Recommended Tracks: “Prison Song”, “Needles”, “Jet Pilot”
33. Million Dead – ‘A Song To Ruin’ (2003)
Nowadays vocalist Frank Turner is much more well-known for his solo work, but in the early 2000s he fronted melodic garage punkers Million Dead – political commentary equally sang and screamed over the top of crackling riffs and a measured rhythm section. Far superior to the concluding release that followed in 2005, ‘A Song To Ruin’ is a raw and blistering mix of the abstract and physical. Squirming with youthful frustration and quashed rebellion, it’s surprising how listening to this in 2011 makes no difference to listening to it at the time of release. The vitriol and energy is still apt, still honest and still damaging. Good for Million Dead, bad for how little we have progressed.
Recommended Tracks: “Pornography For Cowards”, “Charlie & The Propaganda Myth Machine”, “A Song To Ruin”
Deftones had long left behind their completely inaccurate labelling of ‘nu-metal’ by the time this record hit the shelves, but if anyone had any remote doubts left then a mix of crushingly heavy guitars and sublimely ethereal shoegazing was sure to do the trick. Chino Moreno’s vocals are far from the only appeal of Deftones, but they truly excel here. At times a ragged stream-of-consciousness croon, at others a gutwrenching scream of loving and sinful anguish. The guitars, bass and soundscapes all wash over the percussion and vocals like a multi-coloured glistening tide that leaves you gasping for air, stranded in some beautiful alien land. This eponymous release faced stiff competition from 2010’s return to form ‘Diamond Eyes’, but in the end this is the more solid and consistent release.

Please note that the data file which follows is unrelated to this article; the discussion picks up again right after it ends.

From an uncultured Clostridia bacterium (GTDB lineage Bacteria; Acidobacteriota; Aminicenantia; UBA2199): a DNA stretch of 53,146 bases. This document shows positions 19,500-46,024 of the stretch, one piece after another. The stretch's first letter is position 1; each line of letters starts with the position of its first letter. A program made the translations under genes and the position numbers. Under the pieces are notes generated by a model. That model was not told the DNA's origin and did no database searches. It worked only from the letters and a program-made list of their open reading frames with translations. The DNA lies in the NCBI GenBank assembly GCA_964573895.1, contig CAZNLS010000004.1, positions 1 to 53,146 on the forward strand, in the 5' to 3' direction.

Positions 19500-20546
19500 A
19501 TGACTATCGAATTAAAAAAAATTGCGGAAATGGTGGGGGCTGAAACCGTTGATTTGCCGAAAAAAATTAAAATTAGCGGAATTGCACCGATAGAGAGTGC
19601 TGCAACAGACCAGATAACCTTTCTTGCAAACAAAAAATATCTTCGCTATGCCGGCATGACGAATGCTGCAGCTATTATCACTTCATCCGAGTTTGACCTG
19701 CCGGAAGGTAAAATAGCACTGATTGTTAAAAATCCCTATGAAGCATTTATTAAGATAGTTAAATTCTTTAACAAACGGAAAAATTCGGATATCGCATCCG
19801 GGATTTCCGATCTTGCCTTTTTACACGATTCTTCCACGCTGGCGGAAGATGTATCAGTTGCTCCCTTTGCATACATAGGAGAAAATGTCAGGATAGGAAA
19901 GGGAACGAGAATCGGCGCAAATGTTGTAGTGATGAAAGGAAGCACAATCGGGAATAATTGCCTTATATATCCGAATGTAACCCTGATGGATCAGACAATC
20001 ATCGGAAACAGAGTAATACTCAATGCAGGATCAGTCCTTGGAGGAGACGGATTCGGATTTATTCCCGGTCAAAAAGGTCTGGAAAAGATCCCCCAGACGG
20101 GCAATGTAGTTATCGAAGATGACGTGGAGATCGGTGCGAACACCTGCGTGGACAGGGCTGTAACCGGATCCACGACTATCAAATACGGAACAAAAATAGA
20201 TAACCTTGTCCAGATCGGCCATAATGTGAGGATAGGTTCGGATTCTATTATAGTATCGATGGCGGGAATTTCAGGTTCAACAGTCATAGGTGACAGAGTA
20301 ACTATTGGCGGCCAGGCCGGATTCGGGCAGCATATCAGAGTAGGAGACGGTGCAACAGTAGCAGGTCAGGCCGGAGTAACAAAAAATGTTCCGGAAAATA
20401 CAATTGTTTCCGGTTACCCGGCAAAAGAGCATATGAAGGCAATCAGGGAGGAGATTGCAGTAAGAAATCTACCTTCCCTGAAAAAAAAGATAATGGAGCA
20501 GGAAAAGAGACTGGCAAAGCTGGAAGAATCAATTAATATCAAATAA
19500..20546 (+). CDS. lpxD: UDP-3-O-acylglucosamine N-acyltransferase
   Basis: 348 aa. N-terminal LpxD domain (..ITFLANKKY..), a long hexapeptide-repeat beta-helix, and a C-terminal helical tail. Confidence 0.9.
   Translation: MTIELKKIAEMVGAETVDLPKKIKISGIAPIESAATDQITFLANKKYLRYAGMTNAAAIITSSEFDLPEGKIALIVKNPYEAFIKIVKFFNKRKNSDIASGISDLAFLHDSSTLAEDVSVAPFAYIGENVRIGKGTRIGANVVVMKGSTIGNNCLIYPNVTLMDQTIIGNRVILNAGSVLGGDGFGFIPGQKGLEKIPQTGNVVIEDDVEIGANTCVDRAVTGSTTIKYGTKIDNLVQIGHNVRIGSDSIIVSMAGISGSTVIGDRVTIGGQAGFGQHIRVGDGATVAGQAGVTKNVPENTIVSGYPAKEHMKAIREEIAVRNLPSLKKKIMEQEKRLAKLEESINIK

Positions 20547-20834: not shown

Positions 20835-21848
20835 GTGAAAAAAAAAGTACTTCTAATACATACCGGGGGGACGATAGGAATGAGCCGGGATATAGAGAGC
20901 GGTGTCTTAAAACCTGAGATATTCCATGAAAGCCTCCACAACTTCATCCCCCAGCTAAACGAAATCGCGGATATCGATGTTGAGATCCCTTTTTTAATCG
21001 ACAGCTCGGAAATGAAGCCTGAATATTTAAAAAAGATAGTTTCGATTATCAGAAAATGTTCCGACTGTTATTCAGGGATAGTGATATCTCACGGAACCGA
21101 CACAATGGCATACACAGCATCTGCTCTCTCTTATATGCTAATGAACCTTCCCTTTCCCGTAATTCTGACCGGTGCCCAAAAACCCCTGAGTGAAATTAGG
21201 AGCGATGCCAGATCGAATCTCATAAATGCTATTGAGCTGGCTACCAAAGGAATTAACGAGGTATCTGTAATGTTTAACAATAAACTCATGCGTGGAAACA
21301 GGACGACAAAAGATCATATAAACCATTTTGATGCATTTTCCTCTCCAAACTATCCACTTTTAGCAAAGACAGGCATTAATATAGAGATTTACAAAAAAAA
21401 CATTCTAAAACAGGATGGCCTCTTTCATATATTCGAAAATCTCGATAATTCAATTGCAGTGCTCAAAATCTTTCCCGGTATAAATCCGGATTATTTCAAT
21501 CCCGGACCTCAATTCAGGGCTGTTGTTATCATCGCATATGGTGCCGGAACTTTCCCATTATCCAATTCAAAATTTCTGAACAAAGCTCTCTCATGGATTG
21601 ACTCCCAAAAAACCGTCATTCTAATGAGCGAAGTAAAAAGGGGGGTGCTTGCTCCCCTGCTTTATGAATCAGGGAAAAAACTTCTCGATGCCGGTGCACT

Recommended Tracks: “Minerva”, “Good Morning Beautiful”, “When Girls Telephone Boys”
Kings of the futurepop genre, Anglo-Irish duo VNV Nation have spent most of the last ten years meandering through electroclash and EBM with only one foot placed in their glory days. That’s not to say they have dwindled in popularity or record sales – I am sure the opposite is true – but it feels like the last truly fresh and necessary release they made was ‘Futureperfect’. It carries the counter-Imperialistic mix of classical and electronic influences that catapulted them into such a striking but divisive position amongst electroheads worldwide. There are storming dancefloor monsters alongside softer, twinkling creatures of dust and starlight. What marks this album out beyond others of the genre is how well these styles are blended together into a coherent whole by the lyrical themes and performance of Ronan Harris.
Recommended Tracks: “Epicentre”, “Electronaut”, “Beloved”